BOONE—Whether an Appalachian State University graduate pursues a career in research or becomes a consumer of research in their chosen profession, they benefit from conducting student research alongside a faculty mentor.
“Both of those groups are important, and it is important that our campus focuses on both those groups,” Provost Lori Gonzalez said at the university’s 16th Annual Celebration of Student Research and Creative Endeavors held April 18.
The daylong event showcased more than 150 oral and poster presentations by undergraduate and graduate students, counting five to 10 walk-ins who had not registered for the event ahead of time. The students were mentored by more than 80 faculty members and represented 25 academic disciplines.
“I believe the work we do at Appalachian is in part why the governor has recognized April 15-19 as Undergraduate Research Week and that this as an important part of higher education,” Gonzalez said. “We always shine when we go to regional and national meetings because so many of our undergraduates are engaged in research, which means our faculty are active in research and interested in bringing students along. I’m really proud of that.”
The Celebration of Student Research and Creative Endeavors is sponsored by the Office of Student Research, with support from the Division of Student Development.
Top Poster awards
The university presented awards to the top three posters by undergraduate and graduate students. Undergraduate winners were:
- Sophomore geology major Josh Feierstein, “Manganese: The New Black”; mentor, Dr. Sarah Carmichael
- Senior biology major Amanda Hastings, “Phytotoxicity and Trace Metal Accumulation from Long-term Chicken Litter Amendment in Wilkes County, N.C.: A Field Study”; mentor, Dr. Shea Tuberty
- Junior physics major Ryan Lambert, “The Young Solar Analogs Project”; mentor, Dr. Richard Gray
Graduate winners for top posters were:
- Renee Blacken, technology, “Collection and Composting of Food Waste from Independent Food Service Businesses in Boone, N.C.: A Feasibility Study”; mentor, Dr. Marie Hoepfl
- Robin Hale, geography and planning, “The Role of Decision-Maker Perceptions on Water Conservation in Western North Carolina”; mentor Dr. Christopher Badurek
- Daniel Payseur, exercise science, “Differential Effects of Continuous Versus Discontinuous Aerobic Exercise on Oxygen Uptake and Augmentation Index in Young Versus Older”; mentor, Dr. Scott Collier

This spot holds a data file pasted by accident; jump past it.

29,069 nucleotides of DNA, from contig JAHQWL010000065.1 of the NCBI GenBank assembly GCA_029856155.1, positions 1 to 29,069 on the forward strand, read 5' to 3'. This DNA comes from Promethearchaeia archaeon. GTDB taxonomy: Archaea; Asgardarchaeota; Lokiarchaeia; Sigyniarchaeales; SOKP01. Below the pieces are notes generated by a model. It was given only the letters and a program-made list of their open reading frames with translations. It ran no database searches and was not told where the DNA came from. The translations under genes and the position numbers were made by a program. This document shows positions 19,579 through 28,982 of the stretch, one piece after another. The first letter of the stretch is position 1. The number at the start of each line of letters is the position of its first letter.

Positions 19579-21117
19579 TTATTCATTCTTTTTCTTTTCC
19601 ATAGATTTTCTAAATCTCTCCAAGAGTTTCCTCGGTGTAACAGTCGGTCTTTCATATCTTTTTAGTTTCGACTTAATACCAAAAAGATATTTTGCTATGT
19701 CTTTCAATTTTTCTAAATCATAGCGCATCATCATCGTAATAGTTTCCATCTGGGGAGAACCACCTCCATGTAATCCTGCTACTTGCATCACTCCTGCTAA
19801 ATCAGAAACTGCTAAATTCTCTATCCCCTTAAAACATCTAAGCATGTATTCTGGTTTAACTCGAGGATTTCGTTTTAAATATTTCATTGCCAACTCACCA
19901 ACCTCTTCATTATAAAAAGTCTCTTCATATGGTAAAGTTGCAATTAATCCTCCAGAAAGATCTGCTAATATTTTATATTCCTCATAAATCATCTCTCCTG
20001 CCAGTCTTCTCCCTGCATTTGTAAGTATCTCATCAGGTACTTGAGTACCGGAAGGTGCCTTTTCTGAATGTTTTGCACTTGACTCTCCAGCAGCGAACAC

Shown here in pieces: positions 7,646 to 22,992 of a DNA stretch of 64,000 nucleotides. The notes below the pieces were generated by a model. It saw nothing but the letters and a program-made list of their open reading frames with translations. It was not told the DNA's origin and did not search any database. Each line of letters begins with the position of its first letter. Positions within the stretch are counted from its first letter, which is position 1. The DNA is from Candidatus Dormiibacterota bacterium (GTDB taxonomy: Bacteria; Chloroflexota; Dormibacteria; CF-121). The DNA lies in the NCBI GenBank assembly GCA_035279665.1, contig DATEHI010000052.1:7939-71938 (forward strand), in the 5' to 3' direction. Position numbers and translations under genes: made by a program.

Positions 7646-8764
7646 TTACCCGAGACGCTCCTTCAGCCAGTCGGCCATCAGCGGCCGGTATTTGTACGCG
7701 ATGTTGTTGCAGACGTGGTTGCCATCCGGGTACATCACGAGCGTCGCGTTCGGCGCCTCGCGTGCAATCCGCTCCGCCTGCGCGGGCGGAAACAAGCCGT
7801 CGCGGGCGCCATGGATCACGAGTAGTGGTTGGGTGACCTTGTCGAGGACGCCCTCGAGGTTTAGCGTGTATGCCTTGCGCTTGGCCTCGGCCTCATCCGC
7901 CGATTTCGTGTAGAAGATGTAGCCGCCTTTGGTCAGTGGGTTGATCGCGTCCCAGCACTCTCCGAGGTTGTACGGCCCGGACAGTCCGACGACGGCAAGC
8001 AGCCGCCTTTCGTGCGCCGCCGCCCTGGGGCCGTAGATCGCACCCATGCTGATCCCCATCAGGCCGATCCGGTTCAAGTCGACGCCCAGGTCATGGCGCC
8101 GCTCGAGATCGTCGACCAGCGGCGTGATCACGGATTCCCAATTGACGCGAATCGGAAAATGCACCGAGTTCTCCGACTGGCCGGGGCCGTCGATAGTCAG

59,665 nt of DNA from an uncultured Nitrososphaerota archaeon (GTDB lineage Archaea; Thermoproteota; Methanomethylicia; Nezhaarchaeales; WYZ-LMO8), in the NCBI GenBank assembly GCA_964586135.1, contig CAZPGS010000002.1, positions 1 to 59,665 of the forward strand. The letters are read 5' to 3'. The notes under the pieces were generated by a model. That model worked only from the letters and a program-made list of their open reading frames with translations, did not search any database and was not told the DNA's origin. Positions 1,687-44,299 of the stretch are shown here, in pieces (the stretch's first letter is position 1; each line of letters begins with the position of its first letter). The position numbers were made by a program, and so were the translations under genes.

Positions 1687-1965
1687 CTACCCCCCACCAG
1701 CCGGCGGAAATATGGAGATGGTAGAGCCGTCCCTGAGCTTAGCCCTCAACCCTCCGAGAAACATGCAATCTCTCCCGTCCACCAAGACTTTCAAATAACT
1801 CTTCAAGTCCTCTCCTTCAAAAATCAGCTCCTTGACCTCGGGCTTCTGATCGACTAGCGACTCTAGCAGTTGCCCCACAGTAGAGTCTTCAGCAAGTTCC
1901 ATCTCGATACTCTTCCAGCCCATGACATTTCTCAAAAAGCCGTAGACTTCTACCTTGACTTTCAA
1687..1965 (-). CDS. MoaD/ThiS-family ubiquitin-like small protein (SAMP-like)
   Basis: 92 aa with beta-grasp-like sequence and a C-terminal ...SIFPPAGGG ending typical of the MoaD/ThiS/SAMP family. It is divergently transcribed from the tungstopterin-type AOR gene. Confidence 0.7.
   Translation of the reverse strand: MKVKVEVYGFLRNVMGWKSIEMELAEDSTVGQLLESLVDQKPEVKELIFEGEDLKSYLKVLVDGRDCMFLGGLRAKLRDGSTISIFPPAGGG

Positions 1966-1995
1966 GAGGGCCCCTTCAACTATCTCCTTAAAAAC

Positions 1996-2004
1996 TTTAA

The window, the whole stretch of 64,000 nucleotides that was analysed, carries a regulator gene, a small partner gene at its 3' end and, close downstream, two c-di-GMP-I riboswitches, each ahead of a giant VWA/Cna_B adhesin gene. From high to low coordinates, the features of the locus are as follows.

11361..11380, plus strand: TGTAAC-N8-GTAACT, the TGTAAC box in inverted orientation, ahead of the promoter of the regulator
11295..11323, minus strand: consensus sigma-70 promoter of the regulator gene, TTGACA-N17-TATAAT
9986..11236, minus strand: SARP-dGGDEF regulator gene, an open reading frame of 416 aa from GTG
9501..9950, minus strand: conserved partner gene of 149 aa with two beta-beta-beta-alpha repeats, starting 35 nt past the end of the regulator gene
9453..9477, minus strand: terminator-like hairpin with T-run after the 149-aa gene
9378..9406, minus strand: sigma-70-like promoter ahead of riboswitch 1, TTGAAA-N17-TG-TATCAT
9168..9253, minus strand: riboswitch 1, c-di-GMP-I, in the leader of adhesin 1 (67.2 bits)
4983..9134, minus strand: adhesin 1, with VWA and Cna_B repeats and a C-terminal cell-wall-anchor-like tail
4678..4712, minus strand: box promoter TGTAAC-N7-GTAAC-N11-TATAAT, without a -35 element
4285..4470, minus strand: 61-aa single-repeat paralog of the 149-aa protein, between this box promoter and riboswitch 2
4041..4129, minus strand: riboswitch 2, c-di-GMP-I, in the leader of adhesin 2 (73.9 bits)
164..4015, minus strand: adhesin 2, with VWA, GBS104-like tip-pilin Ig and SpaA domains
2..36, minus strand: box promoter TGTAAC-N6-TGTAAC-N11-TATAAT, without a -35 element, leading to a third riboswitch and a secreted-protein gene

Sigma Xi award
Sigma Xi, The Scientific Research Society presented an award to two researchers for their interdisciplinary research examining “Resolution Effects and Uncertainty in Power Plant Emissions.” They are seniors Dawn Woodard and Meredith Branham from the Department of Mathematical Sciences. Their mentor was Dr. Eric Marland.
Computation and Visualization Award
The College of Arts and Sciences presented its Outstanding Research in Computation and Visualization Award to recognize excellent research in the area of scientific computing. The undergraduate award was presented to junior Maureen O’Donnell and senior Eitan Lees for their poster “Using Statistical Learning to Predict N.C. County Voting Patterns.” Their mentor was Dr. Alan Arnholt in the Department of Mathematical Sciences. The graduate award was presented to geography student Maya Hutchins for “A Comparative Analysis of Power Plant Carbon Dioxide Emission Inventory Databases in the Continental United States.” Her mentor was Dr. Christopher Badurek in the Department of Geography and Planning.
3-Minute Research Competition
In a new event within the Celebration of Research and Creative Endeavors, graduate students participated in the 3-Minute Research competition. They had to explain their research to a general audience in three minutes with the help of only one PowerPoint slide.
The winner, selected by judges from the local community, was Daniel Payseur in exercise science for research comparing the cardiovascular health benefits of continuous aerobic exercise versus aerobic exercise that includes periodic breaks. He reported that health benefits are greater for middle-aged adults when a 30-minute aerobic workout is broken into 10-minute segments.
Two other competitors, Jennifer Jarrett in psychology and Karolyn Huffman in nutrition, tied for a People’s Choice Award.
For more information about student research at Appalachian, visit http://osr.appstate.edu.